When Chevrolet reintroduced the Blazer name in 2019 it came with some disappointment that the midsize crossover utility vehicle wearing it wasn’t designed with any intentions of being an off-roader like its legendary predecessors were.
The new Trailblazer is a little different.
The chiseled brick-shaped subcompact crossover slots between the Trax and Equinox in Chevy’s lineup and is about the same size as a Jeep Compass or Bronco Sport.
It’s very much positioned as an urban economy car with a starting price of $21,195, but there is one model in the mix that likes to weekend in the great outdoors.
The Trailblazer Activ comes equipped with all-terrain tires, unique bumpers, protective body cladding and a suspension tuned to handle unpaved roads, if not boulder-strewn trails.
Front-wheel-drive is standard for $26,695 with a 155 hp 1.3-liter turbocharged three-cylinder engine and nine-speed automatic transmission, but an all-wheel-drive model is also available for $28,195 and the more honest choice.
Ground clearance is increased from 7 inches to 7.5 inches on front-wheel-drive Activs and 8 inches with all-wheel-drive, which puts it in the same league as the Compass Trailhawk and lower-end Bronco Sports.
It’s not quite as capable in the rough stuff as either of those, but can take a pretty good licking on a bumpy gravel road. The throttle response is a bit laggy and the all-wheel-drive system requres a second to gain purchase on very slippery stuff, but shouldn’t leave you stranded if you don’t get too crazy.
That’s assuming you remembered to turn it on. As with the Trax and Equinox, the Trailblazer defaults to front-wheel-drive for efficiency whenever you start it and you need to press a button to reengage AWD.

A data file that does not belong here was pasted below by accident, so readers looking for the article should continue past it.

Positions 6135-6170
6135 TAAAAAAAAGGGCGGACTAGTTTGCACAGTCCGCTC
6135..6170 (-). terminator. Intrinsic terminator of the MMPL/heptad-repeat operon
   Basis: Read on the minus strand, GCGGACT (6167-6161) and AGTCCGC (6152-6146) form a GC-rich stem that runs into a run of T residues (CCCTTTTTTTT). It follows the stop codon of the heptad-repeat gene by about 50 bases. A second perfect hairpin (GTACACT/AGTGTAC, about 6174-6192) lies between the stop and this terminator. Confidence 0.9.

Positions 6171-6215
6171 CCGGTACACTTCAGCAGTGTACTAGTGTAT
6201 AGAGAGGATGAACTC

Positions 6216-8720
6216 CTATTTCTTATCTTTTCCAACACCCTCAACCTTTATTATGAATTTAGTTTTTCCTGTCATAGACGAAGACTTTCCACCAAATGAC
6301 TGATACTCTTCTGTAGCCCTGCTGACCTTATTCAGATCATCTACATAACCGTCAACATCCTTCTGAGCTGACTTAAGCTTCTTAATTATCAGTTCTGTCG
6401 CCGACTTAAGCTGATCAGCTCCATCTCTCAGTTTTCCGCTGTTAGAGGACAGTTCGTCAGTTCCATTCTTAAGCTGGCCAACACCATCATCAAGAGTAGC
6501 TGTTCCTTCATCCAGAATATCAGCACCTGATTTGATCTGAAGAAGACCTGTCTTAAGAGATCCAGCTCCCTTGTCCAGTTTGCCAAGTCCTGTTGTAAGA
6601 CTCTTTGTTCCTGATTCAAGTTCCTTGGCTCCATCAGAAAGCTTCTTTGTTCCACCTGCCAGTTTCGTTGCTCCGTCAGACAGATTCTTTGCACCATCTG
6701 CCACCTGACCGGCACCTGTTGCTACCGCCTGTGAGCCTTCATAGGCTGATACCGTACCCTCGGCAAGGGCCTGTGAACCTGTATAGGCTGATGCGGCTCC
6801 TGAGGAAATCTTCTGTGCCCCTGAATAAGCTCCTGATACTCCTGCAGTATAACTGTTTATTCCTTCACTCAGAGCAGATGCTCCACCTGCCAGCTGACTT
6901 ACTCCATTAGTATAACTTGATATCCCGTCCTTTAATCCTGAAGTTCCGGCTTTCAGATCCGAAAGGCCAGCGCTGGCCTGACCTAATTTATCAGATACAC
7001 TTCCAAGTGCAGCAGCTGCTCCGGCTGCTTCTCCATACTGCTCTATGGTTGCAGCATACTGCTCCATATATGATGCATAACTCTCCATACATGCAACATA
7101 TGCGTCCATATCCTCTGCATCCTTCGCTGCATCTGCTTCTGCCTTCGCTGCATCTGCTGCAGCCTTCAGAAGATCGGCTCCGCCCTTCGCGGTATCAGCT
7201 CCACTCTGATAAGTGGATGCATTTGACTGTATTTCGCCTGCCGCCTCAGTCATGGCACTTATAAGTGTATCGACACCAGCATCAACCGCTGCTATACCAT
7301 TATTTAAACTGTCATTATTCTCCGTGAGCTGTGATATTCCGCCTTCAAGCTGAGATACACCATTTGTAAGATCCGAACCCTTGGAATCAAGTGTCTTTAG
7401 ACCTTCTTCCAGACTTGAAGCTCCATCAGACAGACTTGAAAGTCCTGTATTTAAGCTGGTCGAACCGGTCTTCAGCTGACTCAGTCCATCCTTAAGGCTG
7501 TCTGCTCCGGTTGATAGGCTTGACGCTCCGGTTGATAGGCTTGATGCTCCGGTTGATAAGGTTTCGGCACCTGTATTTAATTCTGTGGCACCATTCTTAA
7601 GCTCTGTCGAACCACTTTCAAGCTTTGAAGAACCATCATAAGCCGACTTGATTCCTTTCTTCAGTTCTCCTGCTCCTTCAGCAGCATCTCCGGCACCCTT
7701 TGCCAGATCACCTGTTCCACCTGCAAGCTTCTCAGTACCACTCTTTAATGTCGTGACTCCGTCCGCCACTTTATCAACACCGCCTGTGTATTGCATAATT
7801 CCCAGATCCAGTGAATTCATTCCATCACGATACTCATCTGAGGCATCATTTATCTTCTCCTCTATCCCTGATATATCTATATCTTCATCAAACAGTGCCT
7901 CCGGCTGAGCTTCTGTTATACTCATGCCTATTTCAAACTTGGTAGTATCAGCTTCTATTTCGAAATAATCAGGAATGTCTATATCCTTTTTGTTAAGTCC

Its combined fuel economy rating of 28 mpg is only 1 mpg better than the larger, more powerful Equinox, however, so the feature only helps so much. (The front-wheel-drive Activ is rated at 31 mpg while the entry-level front-wheel-drive Trailblazer L is equipped with a 137 hp 1.2-liter turbocharged three-cylinder that returns 29 mpg.)
Those results will be achieved on pavement, of course, and the Trailblazer Activ performs well there. Even with the lifted profile and knobby tires, wind and road noise are excellent for its class and the ride and handling mix just right. Opt for the towing package and the little guy can tow a little 1,000-pound trailer.
The interior is handsomely appointed with a soft-touch dashboard insert and cloth trim on the door panels, and there’s more rear seat legroom than its tidy exterior dimensions would suggest. Cargo space behind the second row trails the Compass and Bronco Sport, but a flat-folding front passenger seat allows for 8.5-foot-long items to be stored inside.
The Trailblazer comes standard with automatic emergency braking, lane-keeping assist and a backup camera, while adaptive cruise control, rear parking sensors, wireless Apple CarPlay and Android Auto integration, a wireless charging pad and a Bose audio system upgrade are among the optional creature comforts on offer.
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It may not truly live up to the Trailblazer name, but the Activ puts in a good effort and at least makes it easier to head down trails that are already there. If that’s definitely not your thing, there’s also a sporty Trailblazer RS available for the same price that borrows the designation from a long line of Chevrolet performance models, so that’s another can of worms.
Perhaps you should save them for a fishing trip with the Activ, instead.
2021 Chevrolet Trailblazer Activ
Base price: $26,695
As tested: $30,780
Type 5-passenger, 4-door all-wheel-drive SUV
Engine: 1.3-liter turbocharged 3-cylinder
Power: 155 hp/174 lb-ft
Transmission: 9-speed automatic
MPG: 26 city/30 hwy